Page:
It’s easy to see why the Qashqai sells so well, and there’s no question that this facelifted version will continue to do so. A light exterior styling refresh has only made the Qashqai look more modern and stand out more from the crowd.
Nissan claims that a lot of work has been put into making the Qashqai quieter on the move. Efforts include a thicker rear window and a more refined engine. It shows; at certain speeds, the engine is barely audible, and remains fairly quiet at motorway speeds. There is little noticeable road or wind noise at anything but motorway speeds, aided by the Vortex Generators (just visible underneath the front bumper), which smooth the airflow underneath the car; this is usually a prominent source of wind roar.
The dCi 110, which is the entry-level diesel engine, has been tweaked to offer a smoother power delivery. Although more refined, it remains a little underpowered in overtaking situations - you’ll need a gearchange or two to prompt real oomph out of it.
Still, Nissan’s tweaks also mean that there’s little to no vibration through the steering wheel from the engine, while the steering is sharp and as precise as you’d hope for in a car of the Qashqai’s heft. The most notable quibble is the steering’s adaptation to different driving styles; at low speed, it’s a bit too light and makes the car feel less poised and controlled than it deserves, although it does make tight urban car parks easier this way. At other speeds, though, it’s inoffensive in the absolute, and Nissan has tweaked the weighting to be heavier around the centre for a greater sense of control. You can feel the effect of this.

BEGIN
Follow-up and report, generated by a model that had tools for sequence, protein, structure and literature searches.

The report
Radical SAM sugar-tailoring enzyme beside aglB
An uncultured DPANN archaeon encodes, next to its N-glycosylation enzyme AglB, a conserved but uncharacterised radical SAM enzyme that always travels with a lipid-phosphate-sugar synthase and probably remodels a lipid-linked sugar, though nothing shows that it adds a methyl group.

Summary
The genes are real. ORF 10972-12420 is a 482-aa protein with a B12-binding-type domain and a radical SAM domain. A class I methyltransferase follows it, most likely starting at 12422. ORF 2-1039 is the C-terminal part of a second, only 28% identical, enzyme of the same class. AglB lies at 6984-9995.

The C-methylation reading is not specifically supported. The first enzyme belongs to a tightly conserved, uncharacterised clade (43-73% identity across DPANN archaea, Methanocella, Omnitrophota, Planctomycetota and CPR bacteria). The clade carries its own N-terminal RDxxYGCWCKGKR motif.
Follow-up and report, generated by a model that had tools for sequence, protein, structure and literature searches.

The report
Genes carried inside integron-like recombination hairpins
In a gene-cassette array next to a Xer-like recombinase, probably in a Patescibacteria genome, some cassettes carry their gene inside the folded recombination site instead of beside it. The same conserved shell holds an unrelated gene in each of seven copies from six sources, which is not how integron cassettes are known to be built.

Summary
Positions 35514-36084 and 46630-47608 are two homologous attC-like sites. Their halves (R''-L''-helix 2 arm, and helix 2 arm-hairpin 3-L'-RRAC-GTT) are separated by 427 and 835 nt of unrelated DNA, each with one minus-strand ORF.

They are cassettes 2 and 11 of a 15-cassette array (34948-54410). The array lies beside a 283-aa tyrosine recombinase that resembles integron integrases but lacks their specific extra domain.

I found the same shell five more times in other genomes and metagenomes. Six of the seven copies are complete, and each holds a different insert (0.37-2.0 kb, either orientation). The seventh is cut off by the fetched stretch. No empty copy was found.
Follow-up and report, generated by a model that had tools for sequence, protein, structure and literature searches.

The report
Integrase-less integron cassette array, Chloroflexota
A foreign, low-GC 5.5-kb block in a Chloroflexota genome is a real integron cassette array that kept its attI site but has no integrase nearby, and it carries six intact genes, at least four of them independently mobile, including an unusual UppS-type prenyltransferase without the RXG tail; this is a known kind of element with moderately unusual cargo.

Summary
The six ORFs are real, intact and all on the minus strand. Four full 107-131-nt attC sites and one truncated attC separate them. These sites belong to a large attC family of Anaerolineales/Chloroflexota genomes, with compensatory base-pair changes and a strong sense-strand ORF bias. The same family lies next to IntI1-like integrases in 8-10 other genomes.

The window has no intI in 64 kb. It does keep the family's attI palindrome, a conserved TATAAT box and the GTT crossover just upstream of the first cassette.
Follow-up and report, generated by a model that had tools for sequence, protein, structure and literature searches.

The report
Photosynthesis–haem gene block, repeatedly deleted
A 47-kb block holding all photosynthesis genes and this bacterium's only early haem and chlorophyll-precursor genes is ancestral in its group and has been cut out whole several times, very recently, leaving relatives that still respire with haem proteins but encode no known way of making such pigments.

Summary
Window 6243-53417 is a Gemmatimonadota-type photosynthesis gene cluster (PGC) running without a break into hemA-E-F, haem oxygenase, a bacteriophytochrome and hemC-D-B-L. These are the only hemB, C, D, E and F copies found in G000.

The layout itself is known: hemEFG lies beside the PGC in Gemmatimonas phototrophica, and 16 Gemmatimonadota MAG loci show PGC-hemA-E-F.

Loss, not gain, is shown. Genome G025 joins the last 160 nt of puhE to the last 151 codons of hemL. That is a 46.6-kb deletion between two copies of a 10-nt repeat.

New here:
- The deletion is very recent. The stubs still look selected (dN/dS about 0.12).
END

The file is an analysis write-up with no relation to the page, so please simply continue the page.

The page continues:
You’ll also feel the effect of changing the car’s steering mode from Normal to Sport. Both settings are usable enough, although a slightly heavier steering mode does not a sports car make, nor even a sporty SUV. For the first part, a sportier SUV wouldn’t return a claimed 74.3mpg as the Qashqai does - albeit about 10mpg less than this realistically, according to the readout on the car’s trip computer.
Under the skin, the Qashqai now has a stiffer anti-roll bar, despite being softer in its shocks and dampers. It takes a few well-placed bumps at high speed, or a particularly mottled road at lower speeds, to cause any moderate disturbance. The Qashqai’s handling betrays its lofty driving position, always feeling stable and planted, but around faster corners, there’s no escaping a bit of body roll.
When that roll happens, try not to lean your knees to either side; the plastics around this lower, less touched part of the dashboard are clearly cheaper and, as a result, a bit bendy, especially on the lower door pocket. Elsewhere, though, they’re on par with the rest of the class, being mixed between decorative materials like gloss black or silver, and functional but higher-quality plastics than those on the lower areas. Other interior niggles include a phone connection system that could be a bit more intuitive and a slightly dim trip computer screen between the instrument dials. The lack of Android Auto and Apple CarPlay smartphone mirroring isn’t ideal, either.